Tuesday, September 18, 2012

Screenwriting Tip of the Day - Sept 18th

"Give and receive feedback."

Writers fall in love with their story ideas, characters, dialogue, or scenes. But the best way to test these elements is with an independent reader; that is, someone who isn't familiar with your script beyond a logline and, if possible, the scope of your work. Naturally if you reach out to another writer and ask for their time to invest into reading and reviewing your work, then you MUST return the favor. Of course, this leads to the good and bad outcomes, but needless to say: give and receive feedback whenever possible!

Here's a quick and dirty list of the do's and don'ts (apologies in advance for the Christmas colors - I figured the selected color coding was akin to a traffic light):

1. DO: Ask politely and offer to return the favor. Then follow through!
1. DON'T: Agree to read in return, then fall off the face of the Earth. Not a good way to network with other writers. You'll be blacklisted in cyberspace quicker than you can say, "Superkalifrag..."

2. DO: Give fair, constructive criticism when reading a writer's screenplay. Use the feedback form provided in the articles section of this website. It will help you provide a thorough review and focus on the important elements of the script: concept, story, characters, dialogue, and writing style.
2. DON'T: Consider this an opportunity to sabotage another writer's efforts. And don't make the feedback you provide personal. The writer may not know you - all they know is what you've read and, hopefully, understands that it's just one perspective! But if you make personal attacks because you vehemently disagreed with the feedback you received, then you've wasted your time.

3. DO: Know when to parse feedback between those notes that apply and you agree with versus commentary that doesn't resonate with you and your story. Bottom line: you're responsible for your story, not a reader. Therefore, it's up to you to decide what's a valid point and requires further consideration ... and those notes that can be ignored. And invite the reader to continue the discussion, if they wish. This will give you a chance to better understand what worked and didn't work for the reader. If you need to explain to the reader "this and that, this and that" then you haven't hit this in your script. Clearly you need to rework this part if it's essential to your story.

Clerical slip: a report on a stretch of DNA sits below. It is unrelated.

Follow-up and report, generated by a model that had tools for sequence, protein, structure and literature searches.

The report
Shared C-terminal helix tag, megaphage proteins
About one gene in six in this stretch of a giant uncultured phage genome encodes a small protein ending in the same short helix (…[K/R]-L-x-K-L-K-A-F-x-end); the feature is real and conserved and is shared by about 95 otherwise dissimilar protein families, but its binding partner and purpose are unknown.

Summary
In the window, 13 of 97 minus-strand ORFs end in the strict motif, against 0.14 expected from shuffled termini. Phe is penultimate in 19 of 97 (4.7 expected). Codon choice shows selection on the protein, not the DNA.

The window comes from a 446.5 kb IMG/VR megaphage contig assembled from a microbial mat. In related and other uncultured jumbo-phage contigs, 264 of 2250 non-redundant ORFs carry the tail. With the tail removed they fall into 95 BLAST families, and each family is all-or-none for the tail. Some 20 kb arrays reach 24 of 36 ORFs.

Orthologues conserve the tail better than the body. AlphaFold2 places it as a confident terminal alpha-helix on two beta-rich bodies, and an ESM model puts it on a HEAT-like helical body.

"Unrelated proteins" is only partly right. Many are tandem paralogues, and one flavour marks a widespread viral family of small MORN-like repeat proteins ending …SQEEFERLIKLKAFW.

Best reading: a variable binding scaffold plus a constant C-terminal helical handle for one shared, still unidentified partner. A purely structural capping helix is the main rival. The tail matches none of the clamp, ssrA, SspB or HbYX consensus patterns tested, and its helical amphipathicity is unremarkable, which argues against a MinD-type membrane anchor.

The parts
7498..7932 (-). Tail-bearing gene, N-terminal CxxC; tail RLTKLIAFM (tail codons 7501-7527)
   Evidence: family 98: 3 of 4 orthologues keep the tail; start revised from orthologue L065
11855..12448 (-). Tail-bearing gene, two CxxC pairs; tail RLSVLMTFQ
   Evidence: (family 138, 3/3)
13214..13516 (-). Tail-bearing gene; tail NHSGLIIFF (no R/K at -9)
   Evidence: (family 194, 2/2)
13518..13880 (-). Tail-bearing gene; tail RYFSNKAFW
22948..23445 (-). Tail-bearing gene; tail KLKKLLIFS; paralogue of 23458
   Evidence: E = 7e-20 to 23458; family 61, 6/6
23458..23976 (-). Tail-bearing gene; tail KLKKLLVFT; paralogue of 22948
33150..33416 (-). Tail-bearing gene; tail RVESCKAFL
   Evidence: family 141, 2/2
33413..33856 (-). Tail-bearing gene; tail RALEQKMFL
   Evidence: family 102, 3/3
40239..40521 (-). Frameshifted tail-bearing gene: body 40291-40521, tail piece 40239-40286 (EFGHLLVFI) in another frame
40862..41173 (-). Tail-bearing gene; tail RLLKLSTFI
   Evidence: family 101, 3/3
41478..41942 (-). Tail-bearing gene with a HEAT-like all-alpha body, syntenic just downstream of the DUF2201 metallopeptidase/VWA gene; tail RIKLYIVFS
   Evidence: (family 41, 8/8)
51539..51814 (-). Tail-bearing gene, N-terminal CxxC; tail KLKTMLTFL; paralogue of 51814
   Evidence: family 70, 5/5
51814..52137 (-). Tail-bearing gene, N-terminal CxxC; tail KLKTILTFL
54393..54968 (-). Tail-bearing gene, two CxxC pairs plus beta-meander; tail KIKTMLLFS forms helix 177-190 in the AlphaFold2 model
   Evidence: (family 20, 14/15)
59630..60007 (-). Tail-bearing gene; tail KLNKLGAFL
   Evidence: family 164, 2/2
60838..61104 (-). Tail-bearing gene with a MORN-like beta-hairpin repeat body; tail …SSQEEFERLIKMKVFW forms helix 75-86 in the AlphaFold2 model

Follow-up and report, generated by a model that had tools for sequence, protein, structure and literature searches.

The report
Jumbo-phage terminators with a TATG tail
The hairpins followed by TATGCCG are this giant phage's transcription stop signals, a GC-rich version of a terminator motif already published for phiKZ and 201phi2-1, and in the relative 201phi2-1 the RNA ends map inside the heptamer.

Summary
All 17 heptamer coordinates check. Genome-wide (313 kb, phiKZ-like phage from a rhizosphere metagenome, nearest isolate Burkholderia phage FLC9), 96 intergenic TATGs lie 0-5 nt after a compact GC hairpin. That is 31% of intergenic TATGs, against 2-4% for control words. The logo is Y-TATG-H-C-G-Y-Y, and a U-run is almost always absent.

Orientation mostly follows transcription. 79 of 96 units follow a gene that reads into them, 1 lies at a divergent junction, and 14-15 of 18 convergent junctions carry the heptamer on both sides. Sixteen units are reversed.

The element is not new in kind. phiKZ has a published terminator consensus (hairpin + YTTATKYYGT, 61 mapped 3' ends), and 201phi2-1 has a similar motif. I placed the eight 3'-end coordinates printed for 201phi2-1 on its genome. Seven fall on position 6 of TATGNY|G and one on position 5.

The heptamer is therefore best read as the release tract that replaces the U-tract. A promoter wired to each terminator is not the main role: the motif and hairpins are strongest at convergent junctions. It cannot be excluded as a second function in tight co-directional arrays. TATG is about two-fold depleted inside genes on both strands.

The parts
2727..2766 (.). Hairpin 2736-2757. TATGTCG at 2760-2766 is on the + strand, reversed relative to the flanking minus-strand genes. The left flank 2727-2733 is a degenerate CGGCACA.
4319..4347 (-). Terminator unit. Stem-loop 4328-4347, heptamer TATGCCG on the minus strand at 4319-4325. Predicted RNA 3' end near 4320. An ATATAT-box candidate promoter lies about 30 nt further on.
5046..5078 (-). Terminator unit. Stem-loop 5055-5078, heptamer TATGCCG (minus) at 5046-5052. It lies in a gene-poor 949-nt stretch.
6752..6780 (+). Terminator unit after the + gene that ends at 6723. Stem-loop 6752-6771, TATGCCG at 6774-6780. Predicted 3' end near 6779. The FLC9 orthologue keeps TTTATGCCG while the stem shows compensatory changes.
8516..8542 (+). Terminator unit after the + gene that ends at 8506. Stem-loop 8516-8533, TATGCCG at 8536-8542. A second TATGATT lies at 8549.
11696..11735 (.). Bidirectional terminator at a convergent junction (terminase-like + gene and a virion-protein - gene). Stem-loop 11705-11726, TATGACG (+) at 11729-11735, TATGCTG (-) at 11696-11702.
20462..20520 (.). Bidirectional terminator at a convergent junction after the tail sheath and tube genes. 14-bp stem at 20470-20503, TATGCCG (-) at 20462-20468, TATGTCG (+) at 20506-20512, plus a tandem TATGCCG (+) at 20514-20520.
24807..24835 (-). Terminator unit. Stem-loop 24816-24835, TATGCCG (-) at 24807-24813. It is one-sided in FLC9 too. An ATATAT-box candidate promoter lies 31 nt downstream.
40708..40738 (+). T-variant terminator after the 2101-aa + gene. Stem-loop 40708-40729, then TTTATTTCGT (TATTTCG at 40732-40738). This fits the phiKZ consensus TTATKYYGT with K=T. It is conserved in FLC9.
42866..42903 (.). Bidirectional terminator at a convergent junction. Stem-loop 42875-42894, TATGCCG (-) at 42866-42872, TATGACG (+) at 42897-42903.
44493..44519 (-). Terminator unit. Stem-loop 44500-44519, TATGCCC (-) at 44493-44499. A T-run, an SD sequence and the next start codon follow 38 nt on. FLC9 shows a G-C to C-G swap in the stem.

3. DON'T: Accept all notes as the "golden goose" and incorporate them into your script. You'll end up changing the soul of your story ... and lose the very reason that motivated you to write in the first place. And never, EVER spew venom and sound off at the reader because you think they're "stupid", "uneducated", "amateur-ish", or "just not getting it".

4. DO: Say "thank you" even if you don't agree with everything.
4. DON'T: Turn into a ninja, pop some smoke, and disappear after you've received your feedback. This will burn the reader ... and he/she will never forget. Not a smart way to form friendships and network with other aspiring or established professionals in the cutthroat entertainment industry.

Have anything you want to add to this? Then drop a comment in the space below.



  1. These points are good, yet I would add several more:

    5) DO let the reader know if you're looking for specific mistakes, or just an overall response to the story; did it work or not?

    6) DO find out/know the level of "expertise" of the person giving the feedback.
    DON'T use random groups of unknown (dare I say "anonymous") reviewers; it's only asking for trouble.

    7) DO find peers whom are a bit more experienced than yourself.

    8) DO let the reader know at least the GENRE up front. Some people are just not "into" certain genres, and it wouldn't matter HOW good it was, they're probably not going to like it.

    9) DON'T insult "their baby" needlessly.

    10) DO determine if the writer is looking for specifics, and if so, DO suggest corrective actions.
    DON'T just tell them that sluglines are incorrectly formatted. This is NOT constructive feedback.

  2. Excellent points, Geno! Especially your suggestion on genre - i.e., some folks don't like comedies, so steer clear.